BlackBerry's other software additions are BlackBerry Assistant and Blend. The Assistant, which is regretfully not voice activated but does pick up your voice when launched, joins the ranks of other extremely capable mobile AIs such as Siri and Cortana. With a physical button on the side to summon the tool (which also doubles as a play/pause button), it mostly works like the others... except it's much slower. In comparison with Google Now, Assistant took 5 seconds longer to return results from my pretty simple "What is the weather like today?" query.
Blend launched the same day as the Passport, so I haven't had much time to spend with the service, but it lets you send and receive texts, see incoming calls, organise your calendar, transfer files and lots of other things straight on Android/iOS tablets and PCs, via Wi-Fi or cellular connection. At first glance, it doesn't seem as deeply integrated as Apple's upcoming Yosemite version, called Continuity, where you can also answer calls on your laptop as well, but it sounds like a neat little feature with support for multiple ecosystems.
Camera and Battery
The BlackBerry Passport comes with a 13 megapixel lens with video and image stabilisation, meaning less camera shake for better video, and 2 megapixel cam on the front. Once inside the app, the smartphone's space bar and volume buttons work as physical capture keys, so you can keep your hands away from the screen and actually see what you're shooting.
And don't worry, you're not forced to shoot only weird square-shaped photos all the time. The app lets you switch among a square 1:1 ratio as well as 4:3 and 16:9 options, but once again, the frustration of the Passport's square screen becomes a problem. Whether shooting 1080p video or taking photos in landscape, your viewfinder is forced into tiny confines with massive black bars on top and bottom.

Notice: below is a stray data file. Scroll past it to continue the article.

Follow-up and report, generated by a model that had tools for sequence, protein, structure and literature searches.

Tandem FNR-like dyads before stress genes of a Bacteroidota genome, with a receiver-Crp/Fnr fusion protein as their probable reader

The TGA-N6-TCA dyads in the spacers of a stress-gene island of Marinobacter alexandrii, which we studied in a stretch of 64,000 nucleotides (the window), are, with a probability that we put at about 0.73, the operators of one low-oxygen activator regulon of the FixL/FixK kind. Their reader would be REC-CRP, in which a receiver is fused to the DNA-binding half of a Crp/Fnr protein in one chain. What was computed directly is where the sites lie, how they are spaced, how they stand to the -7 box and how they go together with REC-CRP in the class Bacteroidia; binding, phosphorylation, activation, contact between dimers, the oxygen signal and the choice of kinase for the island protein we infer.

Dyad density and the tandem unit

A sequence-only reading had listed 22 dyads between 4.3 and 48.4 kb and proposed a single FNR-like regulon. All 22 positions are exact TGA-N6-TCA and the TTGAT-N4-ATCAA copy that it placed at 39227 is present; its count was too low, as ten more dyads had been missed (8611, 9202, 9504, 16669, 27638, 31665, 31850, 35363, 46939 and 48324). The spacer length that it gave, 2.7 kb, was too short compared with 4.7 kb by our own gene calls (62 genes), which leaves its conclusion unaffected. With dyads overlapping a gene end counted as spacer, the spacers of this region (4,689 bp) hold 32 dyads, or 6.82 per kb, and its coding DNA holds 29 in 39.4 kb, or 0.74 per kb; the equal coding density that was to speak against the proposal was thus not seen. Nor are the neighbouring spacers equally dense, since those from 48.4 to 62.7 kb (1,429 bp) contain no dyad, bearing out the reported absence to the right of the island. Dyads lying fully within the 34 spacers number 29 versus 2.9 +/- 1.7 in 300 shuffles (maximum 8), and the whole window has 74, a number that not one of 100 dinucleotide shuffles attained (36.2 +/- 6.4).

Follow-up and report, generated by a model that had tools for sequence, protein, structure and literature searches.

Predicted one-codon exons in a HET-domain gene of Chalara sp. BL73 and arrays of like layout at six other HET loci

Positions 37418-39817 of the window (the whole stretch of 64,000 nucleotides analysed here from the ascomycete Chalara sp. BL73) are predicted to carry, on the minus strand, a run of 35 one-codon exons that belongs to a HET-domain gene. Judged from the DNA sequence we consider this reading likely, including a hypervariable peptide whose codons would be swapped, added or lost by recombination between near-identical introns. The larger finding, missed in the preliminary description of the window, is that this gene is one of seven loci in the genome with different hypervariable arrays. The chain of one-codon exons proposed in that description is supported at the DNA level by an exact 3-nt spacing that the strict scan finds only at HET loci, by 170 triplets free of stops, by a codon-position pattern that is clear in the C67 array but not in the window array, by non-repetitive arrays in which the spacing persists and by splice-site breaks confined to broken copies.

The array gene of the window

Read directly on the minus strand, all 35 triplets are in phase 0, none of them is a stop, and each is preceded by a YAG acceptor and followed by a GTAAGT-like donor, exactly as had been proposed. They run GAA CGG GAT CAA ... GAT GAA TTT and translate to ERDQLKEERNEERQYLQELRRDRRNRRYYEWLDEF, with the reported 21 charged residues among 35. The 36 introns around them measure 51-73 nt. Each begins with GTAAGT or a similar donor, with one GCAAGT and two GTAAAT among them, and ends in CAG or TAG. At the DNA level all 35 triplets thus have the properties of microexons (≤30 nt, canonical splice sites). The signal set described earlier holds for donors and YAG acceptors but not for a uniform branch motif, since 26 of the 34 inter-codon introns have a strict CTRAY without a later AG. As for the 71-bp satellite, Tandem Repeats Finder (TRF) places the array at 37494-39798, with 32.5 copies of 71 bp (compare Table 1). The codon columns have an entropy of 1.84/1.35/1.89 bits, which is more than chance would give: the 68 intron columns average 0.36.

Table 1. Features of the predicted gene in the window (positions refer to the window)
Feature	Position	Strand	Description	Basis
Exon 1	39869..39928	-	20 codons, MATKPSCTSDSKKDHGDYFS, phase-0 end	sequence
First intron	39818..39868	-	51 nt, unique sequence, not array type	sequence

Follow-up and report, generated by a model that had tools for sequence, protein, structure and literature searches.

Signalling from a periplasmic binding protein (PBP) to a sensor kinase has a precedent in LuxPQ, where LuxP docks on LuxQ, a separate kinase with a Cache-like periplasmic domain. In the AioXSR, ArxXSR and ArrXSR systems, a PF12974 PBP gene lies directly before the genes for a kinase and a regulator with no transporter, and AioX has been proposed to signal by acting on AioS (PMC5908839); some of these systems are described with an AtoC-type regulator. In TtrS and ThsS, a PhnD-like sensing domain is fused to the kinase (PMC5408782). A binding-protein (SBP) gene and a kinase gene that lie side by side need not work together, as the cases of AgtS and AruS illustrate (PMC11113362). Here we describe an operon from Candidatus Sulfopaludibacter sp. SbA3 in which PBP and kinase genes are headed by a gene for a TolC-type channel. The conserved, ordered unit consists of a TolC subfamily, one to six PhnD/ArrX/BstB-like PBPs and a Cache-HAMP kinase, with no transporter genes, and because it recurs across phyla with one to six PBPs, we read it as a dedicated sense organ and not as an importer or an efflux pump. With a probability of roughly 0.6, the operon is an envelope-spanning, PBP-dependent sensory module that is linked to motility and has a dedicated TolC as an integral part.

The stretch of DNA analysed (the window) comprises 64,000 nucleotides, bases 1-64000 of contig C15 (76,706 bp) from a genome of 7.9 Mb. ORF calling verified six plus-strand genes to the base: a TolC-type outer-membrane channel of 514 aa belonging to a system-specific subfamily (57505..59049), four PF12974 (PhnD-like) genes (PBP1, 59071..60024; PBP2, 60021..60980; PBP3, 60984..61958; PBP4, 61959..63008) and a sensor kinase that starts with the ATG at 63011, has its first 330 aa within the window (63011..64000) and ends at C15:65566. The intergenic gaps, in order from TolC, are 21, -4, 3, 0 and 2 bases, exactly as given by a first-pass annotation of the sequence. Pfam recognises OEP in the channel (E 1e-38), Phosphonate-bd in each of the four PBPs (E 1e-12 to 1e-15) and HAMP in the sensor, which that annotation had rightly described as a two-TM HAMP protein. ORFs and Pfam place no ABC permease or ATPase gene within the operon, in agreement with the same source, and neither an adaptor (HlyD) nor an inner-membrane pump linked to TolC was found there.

As for the images themselves, the Passport feels like a capable camera. Compared to the Galaxy S5's 13 megapixel shooter, the Passport captures warmer images (See: The Red Door), but isn't disappointing by any means. It's also equally impressive in low-light situations, snatching even small details with little to no noise in the background.
Samsung Galaxy S5
All of this is powered by a whoppingly huge 3450 mAh battery. Despite its impressive size, all I can say is for certain is "results may vary." Some days the BB workhorse would chug along, easily powering my entire day. But there were a few outliers; one day the phone was off the charger by 8 a.m., put through reasonably light use (a few pictures, texting, Spotify) and was dead by 10 p.m. I'm still testing a few different things to discern what was obnoxiously nomming on my battery, and I'll provide an update after a few more days of use.